Speaking of parking brakes: The Outback has 'electronic parking brake'. Basically, an electric motor that pulls the cable. Nice idea, at first. One feature the Outback has is 'hill assist'. Works two ways: 1) Turn on hill assist and when you stop on an incline the parking brake automatically engages. They release when you try to move, forward or backward. 2) Come to a stop on an incline, press the parking brake button, when you try to move forward the brakes release. If the not on an incline then the brakes don't release. The foreseen problem: Power or electrical failure and can't release the brakes. Subaru provides a tool stored with the spare tire. A two foot long hex tool - under the car below the driver's door is a place to insert the tool and turn ~200 times to release the brake. Turn the tool the wrong direction and you may damage the emergency brake system. Parked your car on an incline and came back to a dead battery? Trying to release the brake to push start the Outback is going to be ... interesting.
I have searched the internet, and I see no instance of these trucks shifting out of Park... Mine was just a lemon in that one feature... I have the factory service manual, and I checked the interlock adjustment and it seemed right on. (The interlock is where you must step on the brake to take it out of Park...)
So I adjusted the interlock out of the spec, and then adjusted it back... It has never done it again in the last 60,000 miles...
But if the parking brake was effective then the truck would not roll when it was idling in reverse... Just the perfect storm of two crappy designs working against me...
I have two Toyota trucks. My little 1995 T-100 has over 350,000 miles on it, and it has been extremely trouble free... I don't think I have ever replaced a light bulb in that truck with the exception of headlights... Original alternator and starter... I did put new contacts in the solenoid of the starter... I think that cost $3 and took about an hour... Other than fluid changes, brakes and clutches, that truck has never broke down on me yet... The clutch pedal bracket in that truck is a sub-par design, but literally that has been the only thing that has broken in 350,000 miles... I would be very surprised if that little truck doesn't make it to 500,000 miles...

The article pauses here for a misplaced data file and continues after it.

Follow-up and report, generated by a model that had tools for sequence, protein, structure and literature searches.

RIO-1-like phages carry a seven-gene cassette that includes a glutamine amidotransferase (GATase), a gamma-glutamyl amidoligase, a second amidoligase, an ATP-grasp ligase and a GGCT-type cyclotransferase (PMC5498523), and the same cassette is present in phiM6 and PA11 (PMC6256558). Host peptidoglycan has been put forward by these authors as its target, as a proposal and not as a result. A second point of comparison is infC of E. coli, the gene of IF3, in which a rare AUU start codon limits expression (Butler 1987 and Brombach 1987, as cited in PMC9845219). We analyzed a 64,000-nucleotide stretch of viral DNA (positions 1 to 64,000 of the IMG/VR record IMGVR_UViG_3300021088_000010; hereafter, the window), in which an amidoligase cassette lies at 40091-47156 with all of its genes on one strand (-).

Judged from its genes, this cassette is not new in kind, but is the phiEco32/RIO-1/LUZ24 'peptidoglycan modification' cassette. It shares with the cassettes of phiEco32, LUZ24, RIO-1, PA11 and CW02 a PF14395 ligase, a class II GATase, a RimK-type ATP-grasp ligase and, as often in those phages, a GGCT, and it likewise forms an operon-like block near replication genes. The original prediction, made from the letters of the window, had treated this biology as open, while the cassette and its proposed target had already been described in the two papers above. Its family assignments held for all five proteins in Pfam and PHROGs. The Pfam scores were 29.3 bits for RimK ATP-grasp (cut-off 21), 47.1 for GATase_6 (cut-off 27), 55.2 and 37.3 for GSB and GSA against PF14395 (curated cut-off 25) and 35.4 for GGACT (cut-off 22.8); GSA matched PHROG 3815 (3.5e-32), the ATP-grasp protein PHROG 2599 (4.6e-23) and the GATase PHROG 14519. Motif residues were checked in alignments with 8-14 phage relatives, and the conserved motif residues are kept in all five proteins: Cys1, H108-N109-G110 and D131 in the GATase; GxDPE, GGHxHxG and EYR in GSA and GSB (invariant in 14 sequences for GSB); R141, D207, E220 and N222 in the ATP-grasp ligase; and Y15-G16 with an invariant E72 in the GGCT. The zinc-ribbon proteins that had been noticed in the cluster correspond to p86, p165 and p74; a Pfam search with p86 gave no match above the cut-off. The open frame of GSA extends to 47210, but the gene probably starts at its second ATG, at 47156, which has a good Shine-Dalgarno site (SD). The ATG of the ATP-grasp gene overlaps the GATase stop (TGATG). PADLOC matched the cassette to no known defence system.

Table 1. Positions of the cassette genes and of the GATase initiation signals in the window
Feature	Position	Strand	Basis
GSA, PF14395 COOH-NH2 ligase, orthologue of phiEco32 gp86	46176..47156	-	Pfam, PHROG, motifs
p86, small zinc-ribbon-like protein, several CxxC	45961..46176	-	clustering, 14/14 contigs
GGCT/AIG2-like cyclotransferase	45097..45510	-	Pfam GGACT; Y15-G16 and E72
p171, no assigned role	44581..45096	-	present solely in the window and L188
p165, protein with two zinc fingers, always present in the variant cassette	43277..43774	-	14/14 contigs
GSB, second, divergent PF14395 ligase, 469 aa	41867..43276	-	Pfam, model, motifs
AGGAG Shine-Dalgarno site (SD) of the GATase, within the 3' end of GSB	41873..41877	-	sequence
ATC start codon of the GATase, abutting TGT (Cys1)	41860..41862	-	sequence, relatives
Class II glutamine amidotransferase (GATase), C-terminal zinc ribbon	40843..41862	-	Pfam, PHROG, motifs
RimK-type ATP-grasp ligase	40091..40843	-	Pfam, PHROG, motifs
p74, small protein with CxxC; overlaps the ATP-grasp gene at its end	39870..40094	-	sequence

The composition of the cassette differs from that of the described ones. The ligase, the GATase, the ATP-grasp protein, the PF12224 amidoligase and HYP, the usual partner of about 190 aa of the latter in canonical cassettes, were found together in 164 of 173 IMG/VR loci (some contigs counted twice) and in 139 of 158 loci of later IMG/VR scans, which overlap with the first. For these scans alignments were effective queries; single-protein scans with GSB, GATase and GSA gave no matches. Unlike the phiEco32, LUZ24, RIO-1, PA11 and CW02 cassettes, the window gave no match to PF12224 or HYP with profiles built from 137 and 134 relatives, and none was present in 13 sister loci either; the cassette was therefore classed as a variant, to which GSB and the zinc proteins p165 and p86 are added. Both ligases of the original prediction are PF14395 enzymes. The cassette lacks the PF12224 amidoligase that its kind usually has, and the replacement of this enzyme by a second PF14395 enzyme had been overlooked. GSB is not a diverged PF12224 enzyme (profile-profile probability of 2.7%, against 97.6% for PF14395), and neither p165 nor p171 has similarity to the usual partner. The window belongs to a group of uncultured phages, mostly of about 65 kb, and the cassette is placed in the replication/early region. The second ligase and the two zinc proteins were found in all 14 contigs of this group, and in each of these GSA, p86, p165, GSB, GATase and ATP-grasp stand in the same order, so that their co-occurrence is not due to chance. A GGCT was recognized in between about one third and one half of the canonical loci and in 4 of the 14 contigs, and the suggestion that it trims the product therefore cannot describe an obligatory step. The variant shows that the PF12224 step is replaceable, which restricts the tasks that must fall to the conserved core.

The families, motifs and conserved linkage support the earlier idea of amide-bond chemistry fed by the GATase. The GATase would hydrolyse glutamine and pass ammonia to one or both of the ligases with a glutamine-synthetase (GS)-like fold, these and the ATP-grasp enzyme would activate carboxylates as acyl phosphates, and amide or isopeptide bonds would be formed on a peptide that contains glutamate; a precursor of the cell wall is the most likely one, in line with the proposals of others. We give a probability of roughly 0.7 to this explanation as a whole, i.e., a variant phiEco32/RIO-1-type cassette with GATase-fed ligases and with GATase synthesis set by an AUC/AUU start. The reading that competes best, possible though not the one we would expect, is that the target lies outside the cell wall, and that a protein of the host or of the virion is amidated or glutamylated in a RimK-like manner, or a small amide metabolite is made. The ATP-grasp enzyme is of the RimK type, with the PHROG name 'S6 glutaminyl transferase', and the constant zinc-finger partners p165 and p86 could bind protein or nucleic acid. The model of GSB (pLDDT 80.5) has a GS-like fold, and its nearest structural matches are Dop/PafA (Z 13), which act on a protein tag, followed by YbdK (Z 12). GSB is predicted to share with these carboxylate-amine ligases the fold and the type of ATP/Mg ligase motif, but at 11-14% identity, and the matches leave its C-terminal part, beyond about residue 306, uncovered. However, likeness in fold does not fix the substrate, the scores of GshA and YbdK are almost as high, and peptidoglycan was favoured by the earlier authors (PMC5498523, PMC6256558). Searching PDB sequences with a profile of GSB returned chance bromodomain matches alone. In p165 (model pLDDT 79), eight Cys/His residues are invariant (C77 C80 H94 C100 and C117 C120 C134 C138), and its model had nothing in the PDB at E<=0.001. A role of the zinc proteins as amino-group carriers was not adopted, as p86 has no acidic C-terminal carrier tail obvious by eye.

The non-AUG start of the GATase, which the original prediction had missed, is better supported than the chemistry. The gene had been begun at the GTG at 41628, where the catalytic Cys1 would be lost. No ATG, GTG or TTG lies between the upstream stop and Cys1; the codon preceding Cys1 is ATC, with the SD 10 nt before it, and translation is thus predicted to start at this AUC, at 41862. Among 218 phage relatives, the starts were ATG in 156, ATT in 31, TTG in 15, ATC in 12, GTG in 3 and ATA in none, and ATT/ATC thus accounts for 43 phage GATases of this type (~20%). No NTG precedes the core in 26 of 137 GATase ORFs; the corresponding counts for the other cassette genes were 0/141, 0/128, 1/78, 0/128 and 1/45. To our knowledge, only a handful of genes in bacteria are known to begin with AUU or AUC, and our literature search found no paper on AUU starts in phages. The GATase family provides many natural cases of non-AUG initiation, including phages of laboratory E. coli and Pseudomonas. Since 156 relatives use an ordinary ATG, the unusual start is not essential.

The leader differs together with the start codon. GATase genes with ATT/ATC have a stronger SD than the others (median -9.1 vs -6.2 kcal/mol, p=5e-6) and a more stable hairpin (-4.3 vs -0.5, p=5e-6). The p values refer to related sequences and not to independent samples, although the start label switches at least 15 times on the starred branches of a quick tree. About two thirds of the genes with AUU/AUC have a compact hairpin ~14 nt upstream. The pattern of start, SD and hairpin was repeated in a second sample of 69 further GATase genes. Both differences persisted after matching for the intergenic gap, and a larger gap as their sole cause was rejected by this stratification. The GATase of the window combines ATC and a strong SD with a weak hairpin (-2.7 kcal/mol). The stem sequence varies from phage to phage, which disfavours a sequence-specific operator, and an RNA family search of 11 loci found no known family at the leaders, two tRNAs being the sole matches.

I need a real truck to pull my boat, and based on my friends experiences with Ford's (engines that spit out spark plugs every 25,000 miles) Chevy's (Transmission failures at 40,000 miles that required a new transmission in 2 different 4x4s, warranty just expired on both of them...) Dodge (My friends Dodge truck has not had any engine problems, he has the Cummins Diesel in it, but transmission issues, door handles breaking off, glove compartment fell off, center console lid broke... The entire truck is falling apart except for that diesel engine...)
I'll stick with my Toyota... I have just over 100,000 miles on the Tundra, and I expect it will still be running fine and everything will still work when it hits 250,000 or 300,000 miles... That's what Toyota's do.
Inconvienence is one thing, what you have described is life threatening. This sort of reminds me of people who tell me how lovable a pitbull is. Why take the chance? Why tolerate that truck? Fool me once, shame on you, etc. I am sorry, I would not own a vehicle that shifted itself and there would be a dealer willing to pay me to get out of their showroom after I told everyone in there of my experiences.